[oregon-l] Trade Press reports re industry support for a Clearinghouse of disability accessibility info
welch1525 at comcast.net
Tue Jun 15 17:30:25 GMT 2010
Subject: [coataccess] FYI.Trade Press reports re industry support for a Clearinghouse of disability accessibility info --
Communications Daily, Monday June 14, 2010
Industry Says Information Clearinghouse for Those with Disabilities Makes Sense
AT&T, CTIA and TIA endorsed an FCC proposal to launch an online clearinghouse for information sharing about products and services that promote access to devices tailored to people with disabilities. In a post May 17 to the FCC's Blogband, the Consumer and Government Affairs Bureau asked for comments on the clearinghouse by Thursday. The post followed up on a recommendation in the National Broadband Plan. "One problem that consumers with disabilities face is that they are unable to find accessible communications technologies and assistive technologies, even if they currently exist," Karen Peltz Strauss, the deputy bureau chief said in the post.
"In addition, consumers often do not have the training and support they need to use these products. We would like your thoughts on the best way for us to structure this on-line space." AT&T said a clearinghouse makes sense. "Despite the existence of blogs, search engines, and other Internet spaces designed to gather data, it remains a challenge for persons with disabilities to efficiently and effectively find information about products and services that might improve their accessibility," the carrier said. "While some companies, such as AT&T, provide information related to accessibility, there is no central location where all of this information is available. A clearinghouse for consumers, vendors and government representatives to interact on accessibility issues as proposed by the Commission, would be a major step in the right direction to resolve this problem."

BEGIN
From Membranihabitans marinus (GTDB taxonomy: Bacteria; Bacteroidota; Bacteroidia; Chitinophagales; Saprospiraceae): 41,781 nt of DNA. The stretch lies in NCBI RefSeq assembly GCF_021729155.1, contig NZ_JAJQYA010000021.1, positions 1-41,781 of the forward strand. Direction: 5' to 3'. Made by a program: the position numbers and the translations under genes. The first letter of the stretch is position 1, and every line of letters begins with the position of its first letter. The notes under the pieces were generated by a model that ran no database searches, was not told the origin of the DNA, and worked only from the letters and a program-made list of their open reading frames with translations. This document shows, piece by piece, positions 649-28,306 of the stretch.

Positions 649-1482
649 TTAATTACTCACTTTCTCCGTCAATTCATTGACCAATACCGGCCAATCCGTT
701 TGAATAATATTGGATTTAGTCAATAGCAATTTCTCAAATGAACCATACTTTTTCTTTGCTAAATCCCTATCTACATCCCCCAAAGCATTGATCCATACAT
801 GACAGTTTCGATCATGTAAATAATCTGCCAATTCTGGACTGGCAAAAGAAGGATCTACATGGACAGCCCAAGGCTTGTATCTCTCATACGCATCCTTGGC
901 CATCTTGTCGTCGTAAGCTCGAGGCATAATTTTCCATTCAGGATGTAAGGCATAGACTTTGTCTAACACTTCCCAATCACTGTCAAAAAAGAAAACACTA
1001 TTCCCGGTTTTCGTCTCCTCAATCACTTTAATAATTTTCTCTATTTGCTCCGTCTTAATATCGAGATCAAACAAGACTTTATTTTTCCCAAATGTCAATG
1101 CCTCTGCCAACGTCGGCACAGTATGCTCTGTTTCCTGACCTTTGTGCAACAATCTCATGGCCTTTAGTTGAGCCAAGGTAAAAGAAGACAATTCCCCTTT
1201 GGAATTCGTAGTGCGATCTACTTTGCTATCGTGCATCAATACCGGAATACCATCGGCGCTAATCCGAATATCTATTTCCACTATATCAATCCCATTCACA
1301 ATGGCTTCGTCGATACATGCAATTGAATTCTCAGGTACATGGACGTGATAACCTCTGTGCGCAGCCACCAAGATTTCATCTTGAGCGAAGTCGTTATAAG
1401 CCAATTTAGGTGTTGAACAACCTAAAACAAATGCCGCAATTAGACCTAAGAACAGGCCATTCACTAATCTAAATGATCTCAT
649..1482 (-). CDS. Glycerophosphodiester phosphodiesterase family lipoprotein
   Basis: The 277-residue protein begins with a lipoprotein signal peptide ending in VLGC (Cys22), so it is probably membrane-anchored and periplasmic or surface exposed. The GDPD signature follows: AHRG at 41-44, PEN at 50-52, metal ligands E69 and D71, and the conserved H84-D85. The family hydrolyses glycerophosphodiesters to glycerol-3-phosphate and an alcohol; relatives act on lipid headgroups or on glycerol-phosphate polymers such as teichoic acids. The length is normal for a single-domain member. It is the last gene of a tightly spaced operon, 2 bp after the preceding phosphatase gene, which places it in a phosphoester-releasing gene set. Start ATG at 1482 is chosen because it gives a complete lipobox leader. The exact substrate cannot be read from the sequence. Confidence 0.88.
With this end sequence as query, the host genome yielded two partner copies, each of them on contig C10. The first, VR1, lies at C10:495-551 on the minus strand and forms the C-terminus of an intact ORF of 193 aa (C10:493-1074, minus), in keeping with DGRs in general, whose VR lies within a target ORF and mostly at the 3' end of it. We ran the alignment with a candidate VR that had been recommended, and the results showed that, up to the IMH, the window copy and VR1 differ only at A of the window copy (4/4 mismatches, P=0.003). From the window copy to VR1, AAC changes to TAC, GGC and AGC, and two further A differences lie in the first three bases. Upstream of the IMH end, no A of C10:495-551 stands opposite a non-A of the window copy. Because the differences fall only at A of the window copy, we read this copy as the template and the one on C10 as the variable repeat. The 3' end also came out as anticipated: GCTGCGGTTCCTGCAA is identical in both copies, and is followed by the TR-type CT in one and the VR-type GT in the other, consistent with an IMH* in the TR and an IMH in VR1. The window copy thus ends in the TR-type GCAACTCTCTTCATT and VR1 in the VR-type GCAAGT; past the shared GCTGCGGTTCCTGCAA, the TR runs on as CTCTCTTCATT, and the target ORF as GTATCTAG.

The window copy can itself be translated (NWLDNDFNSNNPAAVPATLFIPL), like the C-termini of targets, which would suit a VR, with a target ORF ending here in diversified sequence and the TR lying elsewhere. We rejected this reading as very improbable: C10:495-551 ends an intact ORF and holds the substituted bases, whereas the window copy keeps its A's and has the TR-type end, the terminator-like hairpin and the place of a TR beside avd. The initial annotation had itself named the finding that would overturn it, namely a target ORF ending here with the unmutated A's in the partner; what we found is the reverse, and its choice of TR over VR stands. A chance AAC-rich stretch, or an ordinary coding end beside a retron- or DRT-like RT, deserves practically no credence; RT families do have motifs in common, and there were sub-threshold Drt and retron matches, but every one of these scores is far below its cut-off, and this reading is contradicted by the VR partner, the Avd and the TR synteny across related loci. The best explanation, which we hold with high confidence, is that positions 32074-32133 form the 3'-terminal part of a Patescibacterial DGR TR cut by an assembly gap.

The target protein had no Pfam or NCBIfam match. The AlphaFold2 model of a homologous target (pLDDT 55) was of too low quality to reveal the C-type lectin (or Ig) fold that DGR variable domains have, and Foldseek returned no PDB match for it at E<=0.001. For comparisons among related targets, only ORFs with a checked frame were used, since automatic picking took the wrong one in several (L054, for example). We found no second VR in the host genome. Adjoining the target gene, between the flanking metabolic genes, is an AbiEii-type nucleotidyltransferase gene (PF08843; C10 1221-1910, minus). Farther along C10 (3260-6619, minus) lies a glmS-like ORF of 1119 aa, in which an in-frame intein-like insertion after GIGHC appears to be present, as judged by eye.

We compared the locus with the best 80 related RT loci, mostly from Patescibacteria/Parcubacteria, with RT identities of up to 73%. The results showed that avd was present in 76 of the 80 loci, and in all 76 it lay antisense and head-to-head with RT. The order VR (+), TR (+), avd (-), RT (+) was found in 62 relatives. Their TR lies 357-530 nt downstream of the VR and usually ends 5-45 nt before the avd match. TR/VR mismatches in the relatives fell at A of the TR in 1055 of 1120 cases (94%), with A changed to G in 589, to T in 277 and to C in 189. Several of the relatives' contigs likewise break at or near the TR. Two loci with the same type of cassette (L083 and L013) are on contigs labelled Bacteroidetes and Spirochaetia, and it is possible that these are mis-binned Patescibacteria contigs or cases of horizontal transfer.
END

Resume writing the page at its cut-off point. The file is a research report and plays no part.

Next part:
The clearinghouse should allow consumers to rate products and services with features designed to deal with disability issues, AT&T said. "If evaluations of products and services take the form of commentary, the Commission should monitor the site to insure that all comments, including those that may be deemed negative about a certain product or service, remain respectful of other users of the Accessibility Clearinghouse, and remove any comments that use profanity or other inappropriate content."
CTIA said wireless carriers have made significant progress in offering accessible devices. Forums already exist, but the clearinghouse should prove helpful, the association said. The "goal should be to identify available tools useful for consumers which will help persons with disabilities, disabled military veterans and their families, and other interested parties to find accessible products and services," CTIA said. "When searching for accessible products and services, wireless consumers are concerned with the three core questions: Who offers accessible products and services? What are the accessible features and functions available? Where can I find accessible products, services and applications? The Accessibility and Innovation Forum should primarily focus on addressing these concerns which help consumers to find information about available products and services."